The first biblical mention of animal flesh as a source of food is the Lord's instruction to Noah after the Flood subsided and he and his family left the ark. God had given Adam and Eve herbs and fruit for meat (Genesis 1:29), but now God tells Noah "every moving thing that liveth shall be for meat" (Genesis 9:3).

Joseph Smith added a qualification to this injunction in 1830, three years before the Word of Wisdom was revealed: And surely, blood shall not be shed, only for meat, to save your lives; and the blood of every beast will I require at your hand. (jst Genesis 9:11)

The following year, in a revelation given in May 1831, Joseph Smith warned that while the flesh of animals is ordained for the use of man, "wo be unto man that sheddeth blood or that wasteth flesh and hath no need" (D&C 49:21).

These and other scriptural injunctions may be one reason why many Latter-day Saints have associated the counsel given in the Word of Wisdom with human stewardship over animals and the injustice of slaughtering them without cause.

Certainly the assertion that it is wrong to kill animals unnecessarily has been a strong and consistent theme throughout much of Church history.36 Historically, it is the second most frequently cited reason (next to better health) for why the Saints should eat meat "sparingly."

Might the Lord's love and concern for his animal creations be a reason why it is "pleasing" to him that we restrict meat consumption?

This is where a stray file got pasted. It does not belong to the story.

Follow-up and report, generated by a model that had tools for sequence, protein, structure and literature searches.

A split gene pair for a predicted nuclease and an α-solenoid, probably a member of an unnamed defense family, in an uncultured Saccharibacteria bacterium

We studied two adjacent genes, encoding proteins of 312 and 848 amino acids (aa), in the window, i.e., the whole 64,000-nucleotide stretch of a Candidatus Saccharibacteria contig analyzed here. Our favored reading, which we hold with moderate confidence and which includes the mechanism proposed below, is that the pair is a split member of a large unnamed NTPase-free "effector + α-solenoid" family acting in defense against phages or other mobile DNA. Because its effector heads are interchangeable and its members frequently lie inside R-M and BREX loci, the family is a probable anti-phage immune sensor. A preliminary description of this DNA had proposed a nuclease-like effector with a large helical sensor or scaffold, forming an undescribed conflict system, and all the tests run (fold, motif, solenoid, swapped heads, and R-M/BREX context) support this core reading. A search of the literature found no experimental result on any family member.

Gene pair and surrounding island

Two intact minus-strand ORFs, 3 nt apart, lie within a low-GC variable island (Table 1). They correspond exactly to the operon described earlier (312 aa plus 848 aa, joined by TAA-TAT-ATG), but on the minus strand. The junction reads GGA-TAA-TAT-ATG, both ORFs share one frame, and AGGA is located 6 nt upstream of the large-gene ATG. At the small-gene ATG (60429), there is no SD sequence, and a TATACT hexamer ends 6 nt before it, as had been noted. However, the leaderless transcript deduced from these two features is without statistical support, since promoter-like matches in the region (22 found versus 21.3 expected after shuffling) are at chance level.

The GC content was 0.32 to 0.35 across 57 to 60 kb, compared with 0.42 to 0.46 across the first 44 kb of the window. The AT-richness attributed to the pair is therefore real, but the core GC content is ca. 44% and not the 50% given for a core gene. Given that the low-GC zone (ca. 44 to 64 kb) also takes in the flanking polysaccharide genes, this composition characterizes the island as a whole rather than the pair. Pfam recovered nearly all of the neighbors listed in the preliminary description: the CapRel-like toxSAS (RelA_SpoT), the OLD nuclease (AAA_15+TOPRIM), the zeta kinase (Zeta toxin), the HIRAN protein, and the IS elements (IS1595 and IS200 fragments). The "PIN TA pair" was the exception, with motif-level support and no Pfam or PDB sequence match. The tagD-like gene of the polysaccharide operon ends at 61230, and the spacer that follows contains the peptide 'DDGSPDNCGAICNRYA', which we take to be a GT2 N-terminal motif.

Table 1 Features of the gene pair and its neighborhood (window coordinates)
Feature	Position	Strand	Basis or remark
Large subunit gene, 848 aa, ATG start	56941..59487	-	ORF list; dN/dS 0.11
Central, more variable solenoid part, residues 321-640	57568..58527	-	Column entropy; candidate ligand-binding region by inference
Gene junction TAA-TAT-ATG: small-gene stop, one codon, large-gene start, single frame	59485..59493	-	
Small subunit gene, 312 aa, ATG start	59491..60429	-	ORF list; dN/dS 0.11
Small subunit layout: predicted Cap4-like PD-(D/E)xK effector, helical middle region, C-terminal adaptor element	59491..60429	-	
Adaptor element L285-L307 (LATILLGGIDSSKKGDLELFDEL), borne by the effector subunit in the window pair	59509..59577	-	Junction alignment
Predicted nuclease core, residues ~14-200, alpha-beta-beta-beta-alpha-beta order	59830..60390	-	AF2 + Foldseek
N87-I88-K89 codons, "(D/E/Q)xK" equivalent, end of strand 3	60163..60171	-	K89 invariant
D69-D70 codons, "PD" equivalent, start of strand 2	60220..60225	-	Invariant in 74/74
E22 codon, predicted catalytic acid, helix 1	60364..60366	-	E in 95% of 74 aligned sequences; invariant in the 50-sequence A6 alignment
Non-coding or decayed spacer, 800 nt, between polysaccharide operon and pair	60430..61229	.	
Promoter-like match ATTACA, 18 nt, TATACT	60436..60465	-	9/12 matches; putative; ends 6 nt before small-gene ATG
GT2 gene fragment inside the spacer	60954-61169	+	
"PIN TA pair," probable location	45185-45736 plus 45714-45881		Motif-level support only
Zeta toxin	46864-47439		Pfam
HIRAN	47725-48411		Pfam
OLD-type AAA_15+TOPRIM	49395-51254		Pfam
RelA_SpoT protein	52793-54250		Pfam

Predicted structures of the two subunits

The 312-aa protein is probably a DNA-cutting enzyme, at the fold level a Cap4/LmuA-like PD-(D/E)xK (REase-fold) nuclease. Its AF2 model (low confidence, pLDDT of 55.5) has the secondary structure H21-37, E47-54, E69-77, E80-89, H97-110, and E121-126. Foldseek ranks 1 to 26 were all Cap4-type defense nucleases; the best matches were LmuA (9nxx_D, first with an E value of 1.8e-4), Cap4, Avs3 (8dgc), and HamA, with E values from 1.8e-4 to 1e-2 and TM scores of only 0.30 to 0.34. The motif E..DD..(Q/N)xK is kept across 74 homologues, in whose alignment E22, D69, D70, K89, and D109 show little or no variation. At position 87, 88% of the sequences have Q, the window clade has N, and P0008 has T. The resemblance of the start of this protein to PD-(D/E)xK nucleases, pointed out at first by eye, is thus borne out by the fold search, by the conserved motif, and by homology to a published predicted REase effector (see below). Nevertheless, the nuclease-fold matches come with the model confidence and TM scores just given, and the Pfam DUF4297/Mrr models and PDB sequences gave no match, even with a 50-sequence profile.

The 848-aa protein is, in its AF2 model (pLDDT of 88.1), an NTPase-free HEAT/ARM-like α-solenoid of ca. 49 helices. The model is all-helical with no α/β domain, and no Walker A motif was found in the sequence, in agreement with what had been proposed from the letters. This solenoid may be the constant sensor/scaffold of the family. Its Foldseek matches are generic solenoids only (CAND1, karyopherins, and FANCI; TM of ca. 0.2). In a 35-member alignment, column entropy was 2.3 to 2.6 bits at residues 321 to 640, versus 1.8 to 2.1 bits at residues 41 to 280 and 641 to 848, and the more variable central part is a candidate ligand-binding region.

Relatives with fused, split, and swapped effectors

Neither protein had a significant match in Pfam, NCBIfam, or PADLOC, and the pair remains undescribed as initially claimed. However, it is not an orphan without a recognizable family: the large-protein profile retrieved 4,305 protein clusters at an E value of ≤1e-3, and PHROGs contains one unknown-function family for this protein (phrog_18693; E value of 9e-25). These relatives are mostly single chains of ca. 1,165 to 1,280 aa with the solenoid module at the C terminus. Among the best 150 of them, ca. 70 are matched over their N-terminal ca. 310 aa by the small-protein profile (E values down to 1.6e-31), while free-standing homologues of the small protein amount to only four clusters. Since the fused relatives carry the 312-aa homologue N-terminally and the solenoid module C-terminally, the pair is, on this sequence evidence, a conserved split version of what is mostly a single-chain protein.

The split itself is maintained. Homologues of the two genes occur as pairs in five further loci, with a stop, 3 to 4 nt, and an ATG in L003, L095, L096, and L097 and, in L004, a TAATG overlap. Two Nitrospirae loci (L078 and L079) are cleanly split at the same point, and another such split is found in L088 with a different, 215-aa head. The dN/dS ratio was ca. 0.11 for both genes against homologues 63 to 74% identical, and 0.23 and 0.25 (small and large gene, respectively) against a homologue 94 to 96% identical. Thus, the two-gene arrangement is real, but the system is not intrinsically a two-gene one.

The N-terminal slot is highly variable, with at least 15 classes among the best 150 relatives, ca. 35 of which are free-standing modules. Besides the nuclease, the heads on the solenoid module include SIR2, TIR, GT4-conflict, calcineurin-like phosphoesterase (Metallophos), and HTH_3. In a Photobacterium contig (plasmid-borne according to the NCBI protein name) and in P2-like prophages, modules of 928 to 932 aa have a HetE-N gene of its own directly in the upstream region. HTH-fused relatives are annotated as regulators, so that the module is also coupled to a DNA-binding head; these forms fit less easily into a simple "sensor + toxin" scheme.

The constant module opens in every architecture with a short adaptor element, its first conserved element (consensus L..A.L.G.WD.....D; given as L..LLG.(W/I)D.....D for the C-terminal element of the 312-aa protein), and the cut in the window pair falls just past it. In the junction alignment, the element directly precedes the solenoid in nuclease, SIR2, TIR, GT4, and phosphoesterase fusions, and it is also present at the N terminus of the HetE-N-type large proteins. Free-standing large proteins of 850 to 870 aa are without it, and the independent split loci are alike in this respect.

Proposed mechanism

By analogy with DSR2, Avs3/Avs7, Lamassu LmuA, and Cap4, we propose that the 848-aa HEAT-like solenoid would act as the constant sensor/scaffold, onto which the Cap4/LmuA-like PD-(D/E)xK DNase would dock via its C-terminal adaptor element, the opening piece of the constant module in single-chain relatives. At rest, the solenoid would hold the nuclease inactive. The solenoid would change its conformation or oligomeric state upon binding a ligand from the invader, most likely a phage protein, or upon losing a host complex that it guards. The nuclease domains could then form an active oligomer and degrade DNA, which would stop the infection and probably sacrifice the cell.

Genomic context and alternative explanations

Some LDS scholars have noted that the LDS doctrine concerning animals is fairly unique among Christian religions in declaring that they, like humans, are eternal beings (D&C 77:2-3), that they are "living souls" (Moses 3:19) who will be "resurrected and glorified" in God's presence, and that they have "an external existence and man is held accountable by God for his treatment of them."

LDS scholar Hugh Nibley suggests that the use of the word sparingly in D&C 89:12 means "sparing God's creatures." He goes on to say, "The family who needs a deer to get through the winter have a right to that. The Lord will not deny them, but [Page 20] he is also pleased with those who forbear."

Apostle Lorenzo Snow said, "We have no right to slay animals or fowls except from necessity, for they have spirits which may some day rise up and accuse or condemn us."

Apostle Joseph Fielding Smith explained, "Although there was no sin in the shedding of their blood when required for food to take the life of these creatures wantonly is a sin before the Lord. It is easy to destroy life, but who can restore it when it is taken?"